(b) an overview of the development program with the synopses of all completed, ongoing, and future studies
· This meeting type is not for discussions involving significant review of summary data or full study reports
|BPD Type 1||To discuss how to address a stalled development program or an important safety issue||· Examples of topics to discuss include:
(a) Input on how to address the hold issues should be seek from the FDA when a clinical hold is in place.
(b) A new path forward needs to be discussed when the applicant has submitted the response to clinical hold issues and the response has been reviewed by the FDA but both the FDA and the sponsor agree that the development is stalled.
(c) Input on how to address issues from the FDA upon receipt of an FDA nonagreement Special Protocol Assessment letter
(d) Important safety issues
(e) Dispute resolutions as described in 21 CFR 10.75 and 312.48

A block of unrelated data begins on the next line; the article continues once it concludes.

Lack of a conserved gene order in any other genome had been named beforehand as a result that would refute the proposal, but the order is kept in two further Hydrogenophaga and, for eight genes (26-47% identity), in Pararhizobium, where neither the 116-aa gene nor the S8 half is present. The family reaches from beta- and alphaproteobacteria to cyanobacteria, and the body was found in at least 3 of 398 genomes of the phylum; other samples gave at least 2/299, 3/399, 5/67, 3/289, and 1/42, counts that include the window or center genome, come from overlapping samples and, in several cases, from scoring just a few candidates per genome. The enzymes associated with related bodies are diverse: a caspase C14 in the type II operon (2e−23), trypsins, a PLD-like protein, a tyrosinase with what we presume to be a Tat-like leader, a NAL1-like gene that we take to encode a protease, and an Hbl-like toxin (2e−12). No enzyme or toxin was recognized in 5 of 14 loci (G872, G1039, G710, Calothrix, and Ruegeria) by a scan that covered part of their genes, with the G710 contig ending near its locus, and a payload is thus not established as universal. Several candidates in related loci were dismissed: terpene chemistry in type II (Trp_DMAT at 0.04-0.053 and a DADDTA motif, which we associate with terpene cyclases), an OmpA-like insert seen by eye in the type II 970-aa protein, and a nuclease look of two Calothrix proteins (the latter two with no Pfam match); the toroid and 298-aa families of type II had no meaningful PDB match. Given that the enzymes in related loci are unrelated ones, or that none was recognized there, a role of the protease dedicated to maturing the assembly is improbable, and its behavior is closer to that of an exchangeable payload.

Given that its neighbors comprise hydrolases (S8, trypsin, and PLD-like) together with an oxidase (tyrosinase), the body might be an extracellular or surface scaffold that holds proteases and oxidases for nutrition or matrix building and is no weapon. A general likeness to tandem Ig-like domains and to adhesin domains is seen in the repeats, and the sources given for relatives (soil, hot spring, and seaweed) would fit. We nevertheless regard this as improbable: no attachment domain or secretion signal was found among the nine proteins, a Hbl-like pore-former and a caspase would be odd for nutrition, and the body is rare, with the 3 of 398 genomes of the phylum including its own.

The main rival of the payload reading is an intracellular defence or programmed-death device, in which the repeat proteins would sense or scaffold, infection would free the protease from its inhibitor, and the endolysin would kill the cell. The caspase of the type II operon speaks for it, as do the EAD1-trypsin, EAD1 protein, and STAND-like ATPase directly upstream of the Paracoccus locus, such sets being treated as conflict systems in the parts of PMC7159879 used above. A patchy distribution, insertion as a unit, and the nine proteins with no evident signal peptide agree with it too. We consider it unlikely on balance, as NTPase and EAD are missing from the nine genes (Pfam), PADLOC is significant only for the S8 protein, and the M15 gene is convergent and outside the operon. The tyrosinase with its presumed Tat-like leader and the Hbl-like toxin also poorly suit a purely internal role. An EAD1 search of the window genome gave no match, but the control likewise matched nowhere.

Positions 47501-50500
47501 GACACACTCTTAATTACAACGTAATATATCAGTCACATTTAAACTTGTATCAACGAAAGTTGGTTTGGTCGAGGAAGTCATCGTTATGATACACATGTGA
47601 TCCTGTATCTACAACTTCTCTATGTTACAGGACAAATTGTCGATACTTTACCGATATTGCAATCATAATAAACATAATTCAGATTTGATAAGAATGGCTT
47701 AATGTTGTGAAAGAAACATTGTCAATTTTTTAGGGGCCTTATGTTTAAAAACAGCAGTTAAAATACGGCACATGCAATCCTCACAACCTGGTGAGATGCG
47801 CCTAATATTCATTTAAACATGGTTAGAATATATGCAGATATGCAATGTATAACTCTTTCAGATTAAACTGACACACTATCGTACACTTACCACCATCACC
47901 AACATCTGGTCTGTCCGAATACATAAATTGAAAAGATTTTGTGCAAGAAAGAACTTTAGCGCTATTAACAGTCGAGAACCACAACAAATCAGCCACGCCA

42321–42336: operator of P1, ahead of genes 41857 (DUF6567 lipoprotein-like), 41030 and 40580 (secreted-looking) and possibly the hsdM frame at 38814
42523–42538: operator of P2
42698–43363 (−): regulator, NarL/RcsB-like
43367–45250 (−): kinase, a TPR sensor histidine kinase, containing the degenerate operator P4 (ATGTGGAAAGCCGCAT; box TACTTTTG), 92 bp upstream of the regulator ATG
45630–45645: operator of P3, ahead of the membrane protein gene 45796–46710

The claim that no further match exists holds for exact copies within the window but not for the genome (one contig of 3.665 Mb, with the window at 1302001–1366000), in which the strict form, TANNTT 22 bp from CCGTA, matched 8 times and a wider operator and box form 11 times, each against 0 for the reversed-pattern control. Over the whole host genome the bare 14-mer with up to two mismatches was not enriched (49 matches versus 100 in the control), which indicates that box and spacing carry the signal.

|BPD Type 2||To discuss a specific issue so that FDA will provide advice with regards to an ongoing development program||· Meeting package may include significant review of summary data, but does not include full review of study reports|
|BPD Type 3||To discuss an ongoing development program||· This meeting type includes full review of study reports or in-depth data review
· FDA advice with regards to the similarity between a particular biosimilar of interchangeable product and the reference product
· FDA advice with regards to the need for additional studies including their design and analysis
|BPD Type 4||To discuss content and format of a complete application or supplement submitted under Section 351(k) of the PHS Act||· A pre-submission meeting for a biosimilar or interchangeable product application|
BPD = Biological Product Development; BSuFA = Biosimilar User Fee Act; CFR = Code Federal Regulation; PHS = Public Health Service Act